Auto Lenders Cautiously Eye Future Use of AI, Machine Learning

Steve Finlay, Contributing Editor

January 25, 2019

3 Min Read
big data
To empower more-advanced automated decision-making means setting up predictive systems correctly in the first place, loan experts say.

SAN FRANCISCO – Credit scoring is becoming increasingly digitalized, with systems doing more of the work, but the auto-financing world doesn’t appear ready to turn things over to artificial intelligence and machine learning.

At least not yet.

“In the next three to five years, we’ll try to figure out what we have,” Mike Kane, Ally Financial Services’ vice president-consumer credit, says of the prospects of using big data to make credit decisions about and profiles of prospective borrowers.  

The goals are the same as they were when credit scoring first emerged decades ago.

Among them: “Do I do this loan? What can I do about this credit history? How do I make the right decision about pricing to risk?” Kane says during a panel discussion, “On the Horizon for Credit Scoring and Decisioning,” at the American Financial Services Assn.’s annual vehicle-financing conference. It is held here in conjunction with the National Automobile Dealers Assn. annual convention and expo.

To empower more-advanced systems means setting them up correctly in the first place so they can handle, sort through and assess huge quantities of information in the big-data world, panelists say.

The finance industry is working on “moving it out of the lab and putting it into operation,” Kane says of work on future predictive analytics that use AI and machine learning.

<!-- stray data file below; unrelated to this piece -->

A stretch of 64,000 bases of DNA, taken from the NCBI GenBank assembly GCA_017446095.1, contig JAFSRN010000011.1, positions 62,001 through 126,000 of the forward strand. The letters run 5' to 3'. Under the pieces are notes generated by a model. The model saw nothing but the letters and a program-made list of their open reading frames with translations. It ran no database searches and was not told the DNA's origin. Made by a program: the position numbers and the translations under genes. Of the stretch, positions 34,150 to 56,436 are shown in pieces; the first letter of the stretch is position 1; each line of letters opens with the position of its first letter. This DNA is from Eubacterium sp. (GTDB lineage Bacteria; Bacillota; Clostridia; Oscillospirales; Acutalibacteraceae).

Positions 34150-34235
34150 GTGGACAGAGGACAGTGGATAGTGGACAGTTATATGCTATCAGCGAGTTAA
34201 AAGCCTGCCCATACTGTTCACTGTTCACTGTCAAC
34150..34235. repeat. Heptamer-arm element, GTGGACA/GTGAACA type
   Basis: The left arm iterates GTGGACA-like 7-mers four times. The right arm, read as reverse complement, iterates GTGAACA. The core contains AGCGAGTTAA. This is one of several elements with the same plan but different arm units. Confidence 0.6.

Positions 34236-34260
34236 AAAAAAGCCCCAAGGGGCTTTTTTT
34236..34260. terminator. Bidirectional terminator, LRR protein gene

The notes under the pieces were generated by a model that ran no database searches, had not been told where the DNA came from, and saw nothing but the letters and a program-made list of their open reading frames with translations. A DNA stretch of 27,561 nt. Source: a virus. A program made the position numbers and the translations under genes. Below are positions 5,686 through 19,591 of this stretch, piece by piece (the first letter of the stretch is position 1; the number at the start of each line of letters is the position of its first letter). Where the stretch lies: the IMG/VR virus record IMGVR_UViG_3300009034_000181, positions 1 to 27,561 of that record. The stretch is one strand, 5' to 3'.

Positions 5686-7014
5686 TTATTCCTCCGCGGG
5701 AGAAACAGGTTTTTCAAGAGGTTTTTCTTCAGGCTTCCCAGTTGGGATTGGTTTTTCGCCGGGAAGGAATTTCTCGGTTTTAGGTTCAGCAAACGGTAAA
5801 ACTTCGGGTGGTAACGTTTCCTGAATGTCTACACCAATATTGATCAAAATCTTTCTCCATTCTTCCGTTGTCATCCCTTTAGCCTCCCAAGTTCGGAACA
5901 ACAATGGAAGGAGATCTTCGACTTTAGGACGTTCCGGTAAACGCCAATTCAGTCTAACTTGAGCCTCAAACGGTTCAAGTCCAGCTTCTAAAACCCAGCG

But currently there’s something of a disconnect. “Data scientists are coming up with solutions when we’re not sure exactly what questions to ask,” Kane says. Those include: “How do we use it? Will the information flow?”

Other questions he raises: Do I have a real person? Is there a real employer? Is the (consumer’s) income realistically stated? Is there collateral?

“We’ll get better with data knowing these things,” Kane says.

He likens today’s industry talk of AI-powered loan-decision-making systems to society catching the autonomous-driving fever. “The fear is of not using humans to enhance value.”

Adds Kevin Moss, SoFi’s chief risk officer: “If you give someone a rocket ship, they might not fly it in the right way.”

Despite initiatives to use advanced technology in loan decisions, those remain primarily a human effort today.

“We find it is better to work with a person on the lending end, especially if we have a customer with credit that’s on the fringe,” Wes Lutz, 2018 NADA chairman and a Michigan dealer, tells Wards here.   

Automated systems today rely on entered formulas and essentially give yes or no answers on loan applications. The predictive analytics of AI and machine learning would provide fuller customer profiles.

“Dealers want to get customers qualified and with loan terms that are desirable to the customers,” says panelist Ethan Dornheim, FICO’s vice president-scores and predictive analytics. “The challenge is how to roll out new sources that don’t create friction.”

That’s not easy, says Paul DeSauliniers, Experian’s head of risk scoring and alternative data.

“Put yourself in the customer’s shoes,” he says, referring to the potential of AI and machine learning profiling loan seekers.

Moss says there’s already a degree of friction when customers are asked to bring in pay stubs and otherwise prove their creditworthiness.

Having digital access to a potential borrower’s checking account helps lenders in their decision-making and provides more actionable data than traditional credit scoring, Moss says. “You can look at cash flow and do a better job because many of those outflows are not reported to credit bureaus.”

About the Author(s)

Steve Finlay

Contributing Editor, WardsAuto

Steven Finlay is a former longtime editor for WardsAuto. He writes about a range of topics including automotive dealers and issues that impact their business.

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